We must remember that polarization has many causes, but social media sure seems to be one of them. Anything that helps to silence our critics helps to make us stupid.  And that according to Haidt is how the west declined—by getting stupid.

 

A Hit List or a reading list

 

Azar Nafisi is a professor of literature now living in America, who originally taught literature in Iran.  In fact she taught American novels including The Adventures of Huckleberry Finn.  She taught this amazing book, whose theme is freedom, to Iranians students in Tehran. Eventually Nafisi left Iran for freedom in America. She loves literature and the works of the imagination as I do. She is just much more eloquent than I am.  She said,

“The way we view fiction is a reflection of how we define ourselves a nation. Works of the imagination are canaries in the coal mine, the measure by which we can evaluate the health of the rest of society.”

 

She learned this, she says. She taught in the midst of a totalitarian society. In the novel Huck had an awful choice to make. He could choose to follow what he called his “conscience.” By that he really meant conventional morality. This is what he had been taught by his family, and his society around him. These were the authorities. If he followed them, he would bring the slave Jim back to his “rightful owner’ the good Christian Miss Watson. Or he could choose to follow what he had learned in his life with Jim—i.e. that Jim was the best of all the people he knew and he was his true friend and he should help him to freedom so Jim could reunite with his family. Huck chose to do what he thought was the wrong thing, the thing that would lead him to hell, but would save his friend. Could anyone ever have a better friend? He literally risked it all to save his friend.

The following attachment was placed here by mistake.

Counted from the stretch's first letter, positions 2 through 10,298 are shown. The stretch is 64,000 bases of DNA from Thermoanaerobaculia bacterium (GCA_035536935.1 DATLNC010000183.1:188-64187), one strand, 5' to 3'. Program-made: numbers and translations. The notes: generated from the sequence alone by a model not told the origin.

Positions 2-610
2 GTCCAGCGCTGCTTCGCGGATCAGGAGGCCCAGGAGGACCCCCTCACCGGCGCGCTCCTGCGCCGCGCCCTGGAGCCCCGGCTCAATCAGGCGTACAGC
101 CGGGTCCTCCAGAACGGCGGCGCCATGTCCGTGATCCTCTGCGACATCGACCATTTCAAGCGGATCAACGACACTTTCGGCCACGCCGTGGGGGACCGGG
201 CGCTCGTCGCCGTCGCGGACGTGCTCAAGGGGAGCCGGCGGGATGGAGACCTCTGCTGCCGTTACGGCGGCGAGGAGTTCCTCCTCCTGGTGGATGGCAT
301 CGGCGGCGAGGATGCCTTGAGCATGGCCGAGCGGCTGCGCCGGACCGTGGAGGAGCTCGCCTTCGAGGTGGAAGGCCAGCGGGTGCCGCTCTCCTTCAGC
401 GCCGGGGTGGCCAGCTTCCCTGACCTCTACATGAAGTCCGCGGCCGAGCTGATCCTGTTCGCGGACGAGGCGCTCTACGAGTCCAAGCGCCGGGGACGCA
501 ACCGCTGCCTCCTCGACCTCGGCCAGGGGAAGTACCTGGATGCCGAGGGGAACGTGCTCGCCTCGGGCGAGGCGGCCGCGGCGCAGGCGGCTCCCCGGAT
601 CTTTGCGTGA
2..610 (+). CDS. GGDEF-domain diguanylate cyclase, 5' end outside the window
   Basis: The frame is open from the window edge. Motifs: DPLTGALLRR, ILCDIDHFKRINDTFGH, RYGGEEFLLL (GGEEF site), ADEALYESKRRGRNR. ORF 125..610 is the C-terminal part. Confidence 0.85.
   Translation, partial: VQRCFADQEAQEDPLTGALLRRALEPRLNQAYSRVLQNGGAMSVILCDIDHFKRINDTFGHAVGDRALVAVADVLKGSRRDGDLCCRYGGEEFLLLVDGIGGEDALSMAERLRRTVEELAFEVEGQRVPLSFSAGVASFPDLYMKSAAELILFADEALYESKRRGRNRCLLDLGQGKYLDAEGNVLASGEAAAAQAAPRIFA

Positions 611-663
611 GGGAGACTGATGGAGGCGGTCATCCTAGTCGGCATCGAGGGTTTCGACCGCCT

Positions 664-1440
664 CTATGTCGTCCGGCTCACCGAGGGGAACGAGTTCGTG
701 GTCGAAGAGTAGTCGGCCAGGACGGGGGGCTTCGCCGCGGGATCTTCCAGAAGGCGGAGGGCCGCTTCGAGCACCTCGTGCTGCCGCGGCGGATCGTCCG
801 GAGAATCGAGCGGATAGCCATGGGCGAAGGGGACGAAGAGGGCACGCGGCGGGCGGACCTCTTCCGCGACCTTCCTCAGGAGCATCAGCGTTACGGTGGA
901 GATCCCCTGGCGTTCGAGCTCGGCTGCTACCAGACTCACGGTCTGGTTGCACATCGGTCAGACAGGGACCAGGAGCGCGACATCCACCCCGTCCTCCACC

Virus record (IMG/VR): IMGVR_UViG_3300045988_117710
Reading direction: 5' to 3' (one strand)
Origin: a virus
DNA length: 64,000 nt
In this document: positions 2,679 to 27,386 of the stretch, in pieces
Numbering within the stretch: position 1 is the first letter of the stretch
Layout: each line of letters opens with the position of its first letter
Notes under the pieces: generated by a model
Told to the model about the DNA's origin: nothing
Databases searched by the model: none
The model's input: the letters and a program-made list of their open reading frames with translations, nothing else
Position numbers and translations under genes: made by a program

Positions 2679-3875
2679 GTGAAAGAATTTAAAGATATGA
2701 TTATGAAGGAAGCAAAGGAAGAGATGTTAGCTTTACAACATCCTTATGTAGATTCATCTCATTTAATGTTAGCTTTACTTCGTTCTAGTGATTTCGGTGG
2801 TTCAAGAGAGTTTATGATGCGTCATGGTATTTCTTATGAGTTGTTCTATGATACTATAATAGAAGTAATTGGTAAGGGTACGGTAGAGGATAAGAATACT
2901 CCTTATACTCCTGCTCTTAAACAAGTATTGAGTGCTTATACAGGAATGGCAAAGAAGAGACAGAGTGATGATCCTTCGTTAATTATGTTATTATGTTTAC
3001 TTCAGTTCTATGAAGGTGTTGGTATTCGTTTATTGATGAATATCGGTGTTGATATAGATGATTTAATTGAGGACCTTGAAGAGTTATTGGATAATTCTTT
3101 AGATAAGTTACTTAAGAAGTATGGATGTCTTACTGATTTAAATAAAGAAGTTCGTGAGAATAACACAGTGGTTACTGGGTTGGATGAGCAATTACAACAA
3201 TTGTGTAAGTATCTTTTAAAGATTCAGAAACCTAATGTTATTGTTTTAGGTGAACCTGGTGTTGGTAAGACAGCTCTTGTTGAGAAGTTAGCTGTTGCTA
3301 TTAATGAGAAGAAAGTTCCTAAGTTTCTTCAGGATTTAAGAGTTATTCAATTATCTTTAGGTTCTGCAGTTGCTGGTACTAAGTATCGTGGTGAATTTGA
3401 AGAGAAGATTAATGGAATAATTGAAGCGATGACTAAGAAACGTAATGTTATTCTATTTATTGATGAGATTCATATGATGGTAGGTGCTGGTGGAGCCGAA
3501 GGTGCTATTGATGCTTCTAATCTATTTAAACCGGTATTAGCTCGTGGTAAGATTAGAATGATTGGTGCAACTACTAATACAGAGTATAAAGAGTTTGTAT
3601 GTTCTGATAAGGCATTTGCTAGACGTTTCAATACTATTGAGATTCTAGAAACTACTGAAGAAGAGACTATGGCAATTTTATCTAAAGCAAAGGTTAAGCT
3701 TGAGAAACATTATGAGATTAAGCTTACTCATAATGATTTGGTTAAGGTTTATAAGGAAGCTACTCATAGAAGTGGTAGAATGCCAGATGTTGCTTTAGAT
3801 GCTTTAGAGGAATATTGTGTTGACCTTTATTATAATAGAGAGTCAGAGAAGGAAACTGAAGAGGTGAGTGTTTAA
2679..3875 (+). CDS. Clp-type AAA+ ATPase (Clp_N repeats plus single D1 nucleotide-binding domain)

The poet Joseph Brodsky, like Azar Nafisi, had been brought up in a totalitarian society. He in Russia; she in Iran. Both came to appreciate the revolutionary power of the imagination and works of the imagination. Not that they are a panacea. After all, Brodsky pointed out, Lenin, Stalin, and Mao were all literate people who read lots of books. Brodsky said, the problem is “their hit lists were longer than their reading lists.

That is why totalitarian states, and authoritarian leaders are so quick to attack books and the liberal arts. They know that these works are dangerous to the authoritarians.  Both, whether, from the left or the right, want to remove them at all costs. As Nafisi said, “They know the dangers of genuine free inquiry.” Some of these authoritarians even in the west, have tried to ban The Adventures of Huckleberry Finn. Why? They are doing it for the same reason the dictators did—i.e. to control the readers. They don’t want the readers to think.